Wisdom has it that history is endlessly starting over. The question is: have politicians, and in particular the ones who lead us, learned this lesson?

In the last few days, the frenetic pace of the Cypriot saga, which Europeans have been distractedly following since the summer of 2012, has prompted fears of another Greece. That is to say, a scenario in which a financial crisis in a country that only accounts for 0.2 per cent of the Eurozone’s GDP will nonetheless destabilise the entire currency bloc and plunge the EU into yet another systemic crisis.

This time around, the danger has not come from instability on speculative markets, but from the breaking of a taboo. In taxing bank deposits of less than €100,000, the threshold below which they are usually assumed to be guaranteed, the Eurogroup, the Cypriot government and the International Monetary Fund took the risk of prompting a bank run, and an even more powerful rejection of their management of the crisis by an outraged public.

In view of the economic and political dangers of this dual risk, was it really worth it? The account of the Eurogroup meeting which was held behind closed doors on the night of March 15 appears to show that the finance ministers had to tackle a problem for which there was no satisfactory solution. Given the need to avoid the collapse of a banking system that sustained a country with no alternative economic model, the need to rescue Cypriot banks without launching a flight of Russian capital, the need to secure local finance for a bailout with neither the IMF or Germany wanting to exceed €10bn, and to find all of this money very rapidly, it is clear that they were called on to square the proverbial circle.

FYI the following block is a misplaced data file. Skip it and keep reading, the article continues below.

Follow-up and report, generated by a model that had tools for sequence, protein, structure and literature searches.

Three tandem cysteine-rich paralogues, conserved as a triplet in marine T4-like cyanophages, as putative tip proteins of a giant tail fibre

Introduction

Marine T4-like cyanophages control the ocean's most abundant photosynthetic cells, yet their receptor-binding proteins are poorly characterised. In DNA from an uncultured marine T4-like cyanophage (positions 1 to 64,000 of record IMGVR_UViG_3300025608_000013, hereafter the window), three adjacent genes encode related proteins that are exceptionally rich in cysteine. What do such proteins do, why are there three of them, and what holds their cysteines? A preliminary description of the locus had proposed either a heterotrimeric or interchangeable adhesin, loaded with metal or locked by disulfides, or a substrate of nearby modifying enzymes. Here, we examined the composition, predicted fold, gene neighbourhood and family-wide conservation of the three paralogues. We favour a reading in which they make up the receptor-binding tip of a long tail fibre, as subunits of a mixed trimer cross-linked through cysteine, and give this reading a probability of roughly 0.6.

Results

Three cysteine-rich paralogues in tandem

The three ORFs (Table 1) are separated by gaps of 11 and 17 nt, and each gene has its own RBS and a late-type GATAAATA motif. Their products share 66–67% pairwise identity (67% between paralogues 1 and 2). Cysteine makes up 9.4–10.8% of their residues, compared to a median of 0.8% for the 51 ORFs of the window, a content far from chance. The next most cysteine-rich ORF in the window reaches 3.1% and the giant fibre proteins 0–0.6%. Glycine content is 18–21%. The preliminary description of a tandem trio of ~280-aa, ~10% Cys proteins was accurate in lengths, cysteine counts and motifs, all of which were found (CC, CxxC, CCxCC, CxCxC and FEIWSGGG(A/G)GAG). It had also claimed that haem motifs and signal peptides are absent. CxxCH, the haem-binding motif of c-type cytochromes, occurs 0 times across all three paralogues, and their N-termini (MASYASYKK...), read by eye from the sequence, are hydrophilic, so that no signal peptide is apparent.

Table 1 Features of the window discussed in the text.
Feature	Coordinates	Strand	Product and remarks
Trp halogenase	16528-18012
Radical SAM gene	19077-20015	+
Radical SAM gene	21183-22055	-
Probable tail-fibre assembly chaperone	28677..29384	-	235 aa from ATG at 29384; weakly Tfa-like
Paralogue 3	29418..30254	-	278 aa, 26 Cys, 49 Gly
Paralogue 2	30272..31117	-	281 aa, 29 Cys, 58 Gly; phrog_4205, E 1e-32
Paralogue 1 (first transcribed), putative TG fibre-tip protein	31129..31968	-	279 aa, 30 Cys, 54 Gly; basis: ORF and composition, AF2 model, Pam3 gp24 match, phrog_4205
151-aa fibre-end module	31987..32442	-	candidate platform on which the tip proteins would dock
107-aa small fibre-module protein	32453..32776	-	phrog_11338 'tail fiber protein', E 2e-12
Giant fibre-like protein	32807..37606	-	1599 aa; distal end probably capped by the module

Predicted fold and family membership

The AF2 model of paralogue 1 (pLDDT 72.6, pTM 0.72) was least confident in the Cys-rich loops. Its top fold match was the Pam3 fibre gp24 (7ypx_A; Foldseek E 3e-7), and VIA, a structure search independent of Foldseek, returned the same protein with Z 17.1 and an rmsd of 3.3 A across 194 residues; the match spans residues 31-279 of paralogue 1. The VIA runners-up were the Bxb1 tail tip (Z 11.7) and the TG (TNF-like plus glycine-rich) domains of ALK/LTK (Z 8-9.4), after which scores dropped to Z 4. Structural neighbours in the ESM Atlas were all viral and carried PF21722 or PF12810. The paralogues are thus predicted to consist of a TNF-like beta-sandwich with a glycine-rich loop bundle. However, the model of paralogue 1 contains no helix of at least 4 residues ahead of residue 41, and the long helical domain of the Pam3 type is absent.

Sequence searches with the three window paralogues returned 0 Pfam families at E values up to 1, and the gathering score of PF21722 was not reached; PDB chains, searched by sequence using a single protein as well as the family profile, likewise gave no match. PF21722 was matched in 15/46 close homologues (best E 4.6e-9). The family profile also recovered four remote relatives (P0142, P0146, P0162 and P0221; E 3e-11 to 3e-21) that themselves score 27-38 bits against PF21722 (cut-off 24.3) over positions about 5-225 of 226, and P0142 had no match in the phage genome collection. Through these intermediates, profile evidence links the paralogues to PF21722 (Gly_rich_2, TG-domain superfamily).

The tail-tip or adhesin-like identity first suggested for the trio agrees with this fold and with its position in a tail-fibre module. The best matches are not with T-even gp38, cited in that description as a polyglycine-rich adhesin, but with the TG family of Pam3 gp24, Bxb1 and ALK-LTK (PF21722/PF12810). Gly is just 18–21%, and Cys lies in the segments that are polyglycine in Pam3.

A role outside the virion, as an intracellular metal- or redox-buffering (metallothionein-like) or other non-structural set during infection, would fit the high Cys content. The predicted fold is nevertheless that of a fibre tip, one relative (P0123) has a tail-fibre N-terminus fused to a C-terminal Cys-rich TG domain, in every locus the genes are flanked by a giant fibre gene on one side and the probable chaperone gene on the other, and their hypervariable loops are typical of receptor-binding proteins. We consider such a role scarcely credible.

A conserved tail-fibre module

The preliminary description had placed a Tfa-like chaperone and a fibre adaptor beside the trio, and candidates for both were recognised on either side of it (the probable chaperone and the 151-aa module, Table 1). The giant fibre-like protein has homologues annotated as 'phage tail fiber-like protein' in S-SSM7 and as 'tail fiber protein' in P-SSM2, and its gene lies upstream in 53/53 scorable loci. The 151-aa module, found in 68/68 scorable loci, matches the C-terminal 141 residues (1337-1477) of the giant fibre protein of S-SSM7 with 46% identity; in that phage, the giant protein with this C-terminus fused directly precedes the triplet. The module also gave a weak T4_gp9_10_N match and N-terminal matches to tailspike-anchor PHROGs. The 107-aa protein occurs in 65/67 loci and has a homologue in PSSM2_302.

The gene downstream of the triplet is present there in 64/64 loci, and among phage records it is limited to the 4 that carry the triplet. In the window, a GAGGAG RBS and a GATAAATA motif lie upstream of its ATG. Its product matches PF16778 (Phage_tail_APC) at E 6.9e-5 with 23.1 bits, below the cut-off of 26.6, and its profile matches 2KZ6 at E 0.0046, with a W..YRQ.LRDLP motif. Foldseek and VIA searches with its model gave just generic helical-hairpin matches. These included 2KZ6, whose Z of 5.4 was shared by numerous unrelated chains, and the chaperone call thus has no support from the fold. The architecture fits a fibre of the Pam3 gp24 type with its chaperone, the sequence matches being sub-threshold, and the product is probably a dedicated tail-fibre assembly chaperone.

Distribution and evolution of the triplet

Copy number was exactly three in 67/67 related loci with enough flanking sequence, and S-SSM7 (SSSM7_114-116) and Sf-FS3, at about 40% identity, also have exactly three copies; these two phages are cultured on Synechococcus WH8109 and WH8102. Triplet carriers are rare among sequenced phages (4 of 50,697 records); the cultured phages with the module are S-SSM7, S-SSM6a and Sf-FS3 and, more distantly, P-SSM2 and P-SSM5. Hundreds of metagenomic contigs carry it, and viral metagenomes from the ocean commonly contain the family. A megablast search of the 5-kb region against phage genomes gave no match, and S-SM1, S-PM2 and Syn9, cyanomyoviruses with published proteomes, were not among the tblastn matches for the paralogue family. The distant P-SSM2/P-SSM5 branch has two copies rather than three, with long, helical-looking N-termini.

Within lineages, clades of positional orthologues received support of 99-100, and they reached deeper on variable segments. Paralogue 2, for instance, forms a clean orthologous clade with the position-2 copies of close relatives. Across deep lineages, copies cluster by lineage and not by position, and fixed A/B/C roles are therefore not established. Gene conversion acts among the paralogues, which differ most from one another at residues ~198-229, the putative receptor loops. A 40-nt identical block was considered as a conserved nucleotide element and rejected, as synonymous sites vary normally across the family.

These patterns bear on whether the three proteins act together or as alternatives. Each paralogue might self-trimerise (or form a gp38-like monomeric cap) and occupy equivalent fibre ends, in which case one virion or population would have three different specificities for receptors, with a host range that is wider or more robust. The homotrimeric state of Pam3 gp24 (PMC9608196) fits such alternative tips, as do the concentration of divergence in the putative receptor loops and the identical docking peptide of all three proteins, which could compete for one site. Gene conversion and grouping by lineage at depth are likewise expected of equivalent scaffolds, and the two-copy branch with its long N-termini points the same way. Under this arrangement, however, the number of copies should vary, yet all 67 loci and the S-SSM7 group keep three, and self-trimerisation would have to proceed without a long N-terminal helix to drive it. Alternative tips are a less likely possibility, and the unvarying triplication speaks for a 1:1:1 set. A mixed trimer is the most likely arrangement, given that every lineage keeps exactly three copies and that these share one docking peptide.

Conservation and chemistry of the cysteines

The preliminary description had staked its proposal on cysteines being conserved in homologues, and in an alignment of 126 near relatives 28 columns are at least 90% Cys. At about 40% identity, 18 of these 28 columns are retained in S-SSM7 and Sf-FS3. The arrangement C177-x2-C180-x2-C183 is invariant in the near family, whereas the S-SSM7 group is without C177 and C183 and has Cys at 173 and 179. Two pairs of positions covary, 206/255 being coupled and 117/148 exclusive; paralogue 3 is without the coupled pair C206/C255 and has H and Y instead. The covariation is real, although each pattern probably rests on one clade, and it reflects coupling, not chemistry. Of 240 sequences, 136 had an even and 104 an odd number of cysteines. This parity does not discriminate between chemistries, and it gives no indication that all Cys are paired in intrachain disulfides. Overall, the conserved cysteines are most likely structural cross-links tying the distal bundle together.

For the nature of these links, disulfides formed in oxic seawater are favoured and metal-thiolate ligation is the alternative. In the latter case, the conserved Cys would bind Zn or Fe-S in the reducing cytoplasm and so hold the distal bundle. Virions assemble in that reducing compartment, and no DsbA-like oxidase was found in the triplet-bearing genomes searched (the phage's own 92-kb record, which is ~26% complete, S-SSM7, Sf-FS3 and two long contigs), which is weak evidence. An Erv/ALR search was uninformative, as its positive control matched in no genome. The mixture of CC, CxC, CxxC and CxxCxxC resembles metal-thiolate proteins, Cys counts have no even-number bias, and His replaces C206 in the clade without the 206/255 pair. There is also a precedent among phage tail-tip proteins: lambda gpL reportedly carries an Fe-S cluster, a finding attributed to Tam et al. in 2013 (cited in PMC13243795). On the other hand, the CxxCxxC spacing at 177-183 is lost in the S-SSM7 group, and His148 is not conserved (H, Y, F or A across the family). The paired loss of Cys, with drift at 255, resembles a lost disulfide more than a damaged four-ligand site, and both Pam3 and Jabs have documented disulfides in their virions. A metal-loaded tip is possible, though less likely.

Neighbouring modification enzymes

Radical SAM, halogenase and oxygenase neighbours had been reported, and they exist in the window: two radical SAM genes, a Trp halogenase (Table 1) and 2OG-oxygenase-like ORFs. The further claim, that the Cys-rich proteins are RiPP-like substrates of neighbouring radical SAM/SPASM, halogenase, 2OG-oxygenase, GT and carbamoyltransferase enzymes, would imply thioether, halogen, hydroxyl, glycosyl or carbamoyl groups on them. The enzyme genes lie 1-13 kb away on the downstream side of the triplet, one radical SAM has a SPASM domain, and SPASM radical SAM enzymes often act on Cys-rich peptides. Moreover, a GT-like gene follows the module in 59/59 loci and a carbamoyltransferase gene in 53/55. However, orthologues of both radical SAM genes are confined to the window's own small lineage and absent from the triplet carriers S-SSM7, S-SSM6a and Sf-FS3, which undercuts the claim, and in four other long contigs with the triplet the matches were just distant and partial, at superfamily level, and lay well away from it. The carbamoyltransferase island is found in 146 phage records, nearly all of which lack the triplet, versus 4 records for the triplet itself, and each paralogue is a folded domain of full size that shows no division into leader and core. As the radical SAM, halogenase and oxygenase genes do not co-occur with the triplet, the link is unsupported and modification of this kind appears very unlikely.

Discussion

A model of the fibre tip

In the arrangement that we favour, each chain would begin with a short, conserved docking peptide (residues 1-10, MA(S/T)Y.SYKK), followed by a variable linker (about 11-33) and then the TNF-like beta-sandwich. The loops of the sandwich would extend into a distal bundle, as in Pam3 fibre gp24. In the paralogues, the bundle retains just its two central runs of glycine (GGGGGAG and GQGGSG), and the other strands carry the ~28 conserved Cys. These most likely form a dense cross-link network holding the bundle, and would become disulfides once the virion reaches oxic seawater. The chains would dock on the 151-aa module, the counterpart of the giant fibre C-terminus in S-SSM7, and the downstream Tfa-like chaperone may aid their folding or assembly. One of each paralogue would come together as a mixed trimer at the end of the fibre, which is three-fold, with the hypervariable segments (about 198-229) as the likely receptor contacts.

This state of affairs is the necessary consequence of years of complacency and negligence. On the one hand, when Cyprus adopted the euro in 2008, all of its partners were well aware that the island’s economy had been pumped up with money that was often of dubious origin. On the other, it has now been 10 months since the Cypriot government requested a bailout, which at the time was estimated to be between €3bn and €4bn. The plan agreed at dawn on March 16 was for €10bn, with an additional €5.8bn collected by the now notorious levy.

Europe is having to pay for its reluctance to deal with the question of tax havens, which also includes Luxembourg, and its pusillanimous treatment of Cypriot leaders (the communist Dimitri Christofias and, latterly, conservative Nicos Anastasiades, elected in late February) who postponed an overhaul of the island’s banking system to conserve its profitable relationship with Moscow.

After China in Greece, now it is Russia’s turn to position itself as an alternative source of assistance, at a critical moment for EU-Russia relations and amid speculation about who will extract the extensive gas reserves that lie off the shores of the island. This is all the more galling when you consider that Russia’s use of Cyprus as a hub for offshore capital and an entry point for the Eurozone played a major role in the origin of this problem.

A fine mess from a minor crisis. We are owed greater wisdom from the EU's leaders after three years of economic shocks.